[Show abstract][Hide abstract] ABSTRACT: High throughput droplet patterning system, images of printed droplet array. One hundred droplets were inspected for target homogeneous droplet sorting. (a–d) droplet array was generated under four different conditions, (a) 1×105 cells/ml with 10% target cell concentration, (b) 1×105 cells/ml with 50% target cell concentration, (c) 2×105 cells/ml with 10% target cell concentration, (d) 2×105 cells/ml with 50% target cell concentration. Scale bar, 1 mm.
[Show abstract][Hide abstract] ABSTRACT: Homogeneous single cell droplet sorting system. A computerized xyz stage was synchronized with a pulse controller, Labview™. The automated stage positioned the substrate with 5 µm spatial resolution. Two ejectors and a 10× camera permitted in-situ imaging and lysing of the droplets. Schematic of droplet ejector showed cells flowing into the valve driven by a controlled air pressure pulse (34 kPa for 55 µs). A heterogeneous sample, mixture of cells and media solution, was loaded into a reservoir. Each droplet was placed at a predetermined position.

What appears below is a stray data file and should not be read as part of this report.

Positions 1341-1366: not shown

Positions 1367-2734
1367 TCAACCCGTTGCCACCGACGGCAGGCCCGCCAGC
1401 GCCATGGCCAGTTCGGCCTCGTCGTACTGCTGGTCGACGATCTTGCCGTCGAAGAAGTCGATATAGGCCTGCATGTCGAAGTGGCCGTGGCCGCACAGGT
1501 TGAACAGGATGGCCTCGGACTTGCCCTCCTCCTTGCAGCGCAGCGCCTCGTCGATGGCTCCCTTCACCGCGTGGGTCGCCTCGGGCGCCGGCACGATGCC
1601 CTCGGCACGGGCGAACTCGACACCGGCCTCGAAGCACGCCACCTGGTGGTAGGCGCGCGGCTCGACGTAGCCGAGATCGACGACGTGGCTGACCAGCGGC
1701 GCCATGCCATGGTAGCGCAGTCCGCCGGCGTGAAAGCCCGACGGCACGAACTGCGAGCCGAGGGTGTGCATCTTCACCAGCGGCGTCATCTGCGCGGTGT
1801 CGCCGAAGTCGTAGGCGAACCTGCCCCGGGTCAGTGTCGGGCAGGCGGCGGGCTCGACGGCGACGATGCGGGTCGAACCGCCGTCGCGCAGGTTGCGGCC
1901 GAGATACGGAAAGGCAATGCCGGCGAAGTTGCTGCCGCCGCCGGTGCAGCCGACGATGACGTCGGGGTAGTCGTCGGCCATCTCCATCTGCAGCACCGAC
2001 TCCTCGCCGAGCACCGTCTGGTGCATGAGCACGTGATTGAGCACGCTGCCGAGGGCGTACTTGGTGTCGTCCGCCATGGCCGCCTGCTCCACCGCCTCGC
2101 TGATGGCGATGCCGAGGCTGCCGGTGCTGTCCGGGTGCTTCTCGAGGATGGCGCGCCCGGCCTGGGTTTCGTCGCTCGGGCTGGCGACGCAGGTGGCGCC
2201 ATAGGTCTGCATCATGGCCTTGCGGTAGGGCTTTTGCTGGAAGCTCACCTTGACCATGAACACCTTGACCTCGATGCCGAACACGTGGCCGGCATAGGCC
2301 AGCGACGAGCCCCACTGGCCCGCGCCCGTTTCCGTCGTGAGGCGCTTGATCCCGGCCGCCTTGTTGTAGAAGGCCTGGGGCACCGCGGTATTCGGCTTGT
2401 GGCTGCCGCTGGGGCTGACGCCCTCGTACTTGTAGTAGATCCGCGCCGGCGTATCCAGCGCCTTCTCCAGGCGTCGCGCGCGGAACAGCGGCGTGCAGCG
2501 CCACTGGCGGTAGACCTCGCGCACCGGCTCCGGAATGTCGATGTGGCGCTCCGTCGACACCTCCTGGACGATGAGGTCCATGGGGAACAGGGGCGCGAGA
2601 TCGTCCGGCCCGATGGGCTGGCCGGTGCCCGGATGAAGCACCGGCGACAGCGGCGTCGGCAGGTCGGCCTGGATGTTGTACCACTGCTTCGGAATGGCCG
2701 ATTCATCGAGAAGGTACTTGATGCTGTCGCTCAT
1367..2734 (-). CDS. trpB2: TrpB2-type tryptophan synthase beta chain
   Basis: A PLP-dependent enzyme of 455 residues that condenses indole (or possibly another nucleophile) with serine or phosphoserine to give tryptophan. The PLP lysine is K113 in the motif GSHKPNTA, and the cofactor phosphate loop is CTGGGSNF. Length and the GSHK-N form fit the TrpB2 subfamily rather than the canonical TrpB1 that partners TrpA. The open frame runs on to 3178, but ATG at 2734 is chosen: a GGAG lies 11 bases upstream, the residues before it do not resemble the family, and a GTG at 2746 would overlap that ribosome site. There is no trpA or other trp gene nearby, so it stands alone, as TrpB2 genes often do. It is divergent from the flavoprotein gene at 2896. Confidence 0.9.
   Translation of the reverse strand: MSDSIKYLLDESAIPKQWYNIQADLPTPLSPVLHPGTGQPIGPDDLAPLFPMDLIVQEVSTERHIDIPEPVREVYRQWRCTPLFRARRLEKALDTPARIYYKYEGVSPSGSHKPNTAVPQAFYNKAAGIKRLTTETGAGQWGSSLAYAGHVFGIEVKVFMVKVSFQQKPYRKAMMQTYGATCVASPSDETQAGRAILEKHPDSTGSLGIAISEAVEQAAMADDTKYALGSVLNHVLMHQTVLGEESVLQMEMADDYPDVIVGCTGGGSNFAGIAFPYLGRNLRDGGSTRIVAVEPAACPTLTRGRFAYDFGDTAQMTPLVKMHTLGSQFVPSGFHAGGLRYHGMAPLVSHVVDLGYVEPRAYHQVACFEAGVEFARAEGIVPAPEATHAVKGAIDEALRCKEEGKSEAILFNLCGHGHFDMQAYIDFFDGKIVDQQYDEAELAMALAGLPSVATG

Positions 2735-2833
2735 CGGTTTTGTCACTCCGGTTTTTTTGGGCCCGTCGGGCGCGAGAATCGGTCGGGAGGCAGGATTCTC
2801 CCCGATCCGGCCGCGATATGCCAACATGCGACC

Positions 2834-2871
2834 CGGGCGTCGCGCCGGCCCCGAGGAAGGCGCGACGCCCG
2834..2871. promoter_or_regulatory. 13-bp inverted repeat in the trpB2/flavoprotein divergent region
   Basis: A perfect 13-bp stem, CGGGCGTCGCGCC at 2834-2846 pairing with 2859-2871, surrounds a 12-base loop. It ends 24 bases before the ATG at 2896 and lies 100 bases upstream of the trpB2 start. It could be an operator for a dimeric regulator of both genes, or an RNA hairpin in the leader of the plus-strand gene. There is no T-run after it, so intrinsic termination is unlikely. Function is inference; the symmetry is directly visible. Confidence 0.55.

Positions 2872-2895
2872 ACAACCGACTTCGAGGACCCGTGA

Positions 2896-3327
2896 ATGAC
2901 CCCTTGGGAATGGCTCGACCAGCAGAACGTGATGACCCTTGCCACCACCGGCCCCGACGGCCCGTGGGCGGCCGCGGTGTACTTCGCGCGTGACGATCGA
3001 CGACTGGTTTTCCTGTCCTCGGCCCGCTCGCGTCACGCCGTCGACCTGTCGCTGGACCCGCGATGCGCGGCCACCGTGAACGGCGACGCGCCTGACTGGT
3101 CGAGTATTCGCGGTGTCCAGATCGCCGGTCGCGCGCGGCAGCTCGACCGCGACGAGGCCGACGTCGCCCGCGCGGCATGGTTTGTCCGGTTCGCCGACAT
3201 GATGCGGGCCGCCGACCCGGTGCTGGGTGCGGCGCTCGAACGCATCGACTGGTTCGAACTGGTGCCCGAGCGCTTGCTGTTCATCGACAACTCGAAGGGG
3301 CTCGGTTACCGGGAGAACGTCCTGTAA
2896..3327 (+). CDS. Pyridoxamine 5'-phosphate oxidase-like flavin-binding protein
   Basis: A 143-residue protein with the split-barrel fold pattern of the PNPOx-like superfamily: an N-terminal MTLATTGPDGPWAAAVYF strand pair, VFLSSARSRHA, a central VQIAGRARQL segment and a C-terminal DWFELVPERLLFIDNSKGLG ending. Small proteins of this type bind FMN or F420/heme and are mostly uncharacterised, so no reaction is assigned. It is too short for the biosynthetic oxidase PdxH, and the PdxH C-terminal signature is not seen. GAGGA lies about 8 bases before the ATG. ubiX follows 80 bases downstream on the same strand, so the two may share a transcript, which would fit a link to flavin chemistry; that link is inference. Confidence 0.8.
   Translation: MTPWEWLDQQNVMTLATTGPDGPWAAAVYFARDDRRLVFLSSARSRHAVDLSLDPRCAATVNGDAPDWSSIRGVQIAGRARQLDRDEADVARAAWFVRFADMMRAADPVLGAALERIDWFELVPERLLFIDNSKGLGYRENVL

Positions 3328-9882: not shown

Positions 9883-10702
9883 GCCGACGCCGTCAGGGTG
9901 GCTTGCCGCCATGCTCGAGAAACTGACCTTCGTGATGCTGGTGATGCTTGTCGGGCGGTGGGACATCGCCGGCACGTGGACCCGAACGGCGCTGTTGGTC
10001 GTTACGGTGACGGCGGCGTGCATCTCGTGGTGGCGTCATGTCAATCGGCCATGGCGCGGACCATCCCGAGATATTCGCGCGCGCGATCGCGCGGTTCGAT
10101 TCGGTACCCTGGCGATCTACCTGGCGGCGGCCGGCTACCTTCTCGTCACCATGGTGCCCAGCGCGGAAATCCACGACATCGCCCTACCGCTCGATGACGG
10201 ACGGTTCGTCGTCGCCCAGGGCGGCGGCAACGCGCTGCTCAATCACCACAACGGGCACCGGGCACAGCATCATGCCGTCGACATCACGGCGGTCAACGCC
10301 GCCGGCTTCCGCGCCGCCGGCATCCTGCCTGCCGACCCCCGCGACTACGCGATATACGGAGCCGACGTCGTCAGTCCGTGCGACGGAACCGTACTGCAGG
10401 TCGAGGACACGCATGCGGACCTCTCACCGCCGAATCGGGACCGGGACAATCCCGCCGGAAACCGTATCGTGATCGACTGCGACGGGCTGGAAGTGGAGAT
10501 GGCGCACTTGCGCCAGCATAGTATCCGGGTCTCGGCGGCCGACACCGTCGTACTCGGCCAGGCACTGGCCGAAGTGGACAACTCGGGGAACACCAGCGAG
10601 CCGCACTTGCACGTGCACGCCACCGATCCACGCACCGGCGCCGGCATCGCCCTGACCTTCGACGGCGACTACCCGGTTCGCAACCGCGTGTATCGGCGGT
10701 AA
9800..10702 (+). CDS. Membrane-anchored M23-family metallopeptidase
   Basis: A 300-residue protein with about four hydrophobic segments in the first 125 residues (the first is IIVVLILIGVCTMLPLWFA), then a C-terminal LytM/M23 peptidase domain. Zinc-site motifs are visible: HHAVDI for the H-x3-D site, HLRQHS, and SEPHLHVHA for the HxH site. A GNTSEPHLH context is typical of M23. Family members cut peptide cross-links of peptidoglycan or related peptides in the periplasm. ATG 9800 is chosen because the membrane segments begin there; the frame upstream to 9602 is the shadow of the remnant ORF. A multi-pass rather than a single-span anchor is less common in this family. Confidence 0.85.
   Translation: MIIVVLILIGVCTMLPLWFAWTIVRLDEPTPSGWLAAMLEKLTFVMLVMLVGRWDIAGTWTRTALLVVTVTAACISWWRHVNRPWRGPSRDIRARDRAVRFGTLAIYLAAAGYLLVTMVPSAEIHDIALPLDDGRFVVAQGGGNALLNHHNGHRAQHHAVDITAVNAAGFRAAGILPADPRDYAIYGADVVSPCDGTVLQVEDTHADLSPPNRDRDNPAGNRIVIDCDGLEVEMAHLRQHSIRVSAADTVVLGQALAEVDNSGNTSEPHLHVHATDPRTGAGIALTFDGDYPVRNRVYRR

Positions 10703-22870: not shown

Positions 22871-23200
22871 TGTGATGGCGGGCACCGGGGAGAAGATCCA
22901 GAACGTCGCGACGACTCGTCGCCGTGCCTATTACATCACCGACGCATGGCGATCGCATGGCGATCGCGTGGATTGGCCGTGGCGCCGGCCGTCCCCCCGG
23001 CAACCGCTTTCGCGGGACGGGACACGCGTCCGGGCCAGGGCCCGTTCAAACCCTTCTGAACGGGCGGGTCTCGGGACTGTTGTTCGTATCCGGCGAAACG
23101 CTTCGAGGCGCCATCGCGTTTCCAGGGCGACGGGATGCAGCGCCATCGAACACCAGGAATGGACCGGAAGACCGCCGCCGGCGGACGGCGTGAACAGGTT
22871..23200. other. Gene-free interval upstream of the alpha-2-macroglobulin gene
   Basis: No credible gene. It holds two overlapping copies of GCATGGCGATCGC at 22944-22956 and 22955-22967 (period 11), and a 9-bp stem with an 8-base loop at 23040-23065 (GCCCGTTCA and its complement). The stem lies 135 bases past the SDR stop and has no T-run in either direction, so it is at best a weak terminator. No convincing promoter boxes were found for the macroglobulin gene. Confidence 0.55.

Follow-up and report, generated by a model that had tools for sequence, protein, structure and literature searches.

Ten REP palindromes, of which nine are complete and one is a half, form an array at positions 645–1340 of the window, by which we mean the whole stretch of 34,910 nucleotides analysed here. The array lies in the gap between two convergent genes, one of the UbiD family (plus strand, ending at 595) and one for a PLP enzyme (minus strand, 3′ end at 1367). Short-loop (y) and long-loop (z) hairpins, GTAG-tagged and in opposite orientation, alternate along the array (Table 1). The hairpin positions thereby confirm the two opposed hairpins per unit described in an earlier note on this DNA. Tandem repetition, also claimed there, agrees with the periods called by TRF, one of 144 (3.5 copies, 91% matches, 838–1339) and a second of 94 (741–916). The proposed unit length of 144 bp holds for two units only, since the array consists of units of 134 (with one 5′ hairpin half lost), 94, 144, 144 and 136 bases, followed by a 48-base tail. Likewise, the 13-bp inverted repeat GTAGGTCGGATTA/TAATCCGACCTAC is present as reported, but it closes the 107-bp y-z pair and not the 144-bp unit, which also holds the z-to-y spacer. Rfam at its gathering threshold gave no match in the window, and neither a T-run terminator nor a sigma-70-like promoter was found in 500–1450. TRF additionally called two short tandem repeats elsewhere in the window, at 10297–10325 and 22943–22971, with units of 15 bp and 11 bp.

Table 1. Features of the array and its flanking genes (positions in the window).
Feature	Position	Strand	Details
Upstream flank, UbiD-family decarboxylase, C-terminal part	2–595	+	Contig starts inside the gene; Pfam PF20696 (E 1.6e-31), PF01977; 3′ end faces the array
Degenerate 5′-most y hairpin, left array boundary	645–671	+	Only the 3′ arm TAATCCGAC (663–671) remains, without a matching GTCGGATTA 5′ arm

[Show abstract][Hide abstract] ABSTRACT: Probability of encapsulating a single target cell in a droplet was presented by probability distribution functions, P(X = Xsingle target cell). (a) The number of homogeneous droplets was modeled using Poisson distribution in a random variable space, i.e. number of target cells. The model was verified using a coefficient, λ, and experimental results. (b) According to four different cell loading concentrations and target cell concentrations, 16 Poisson distributions resulting from 4 cases of concentration times 4 cases of target cell mixture concentrations and their coefficients, λ, were obtained comparing to experimental results. As cell loading density increases, target cell concentration, λ values increase, λmax = 0.95 and λmin = 0.03. Based on the analysis, statistical models for 1.0×105 cells/ml with 10% target cell mixture were based on λ = 0.05.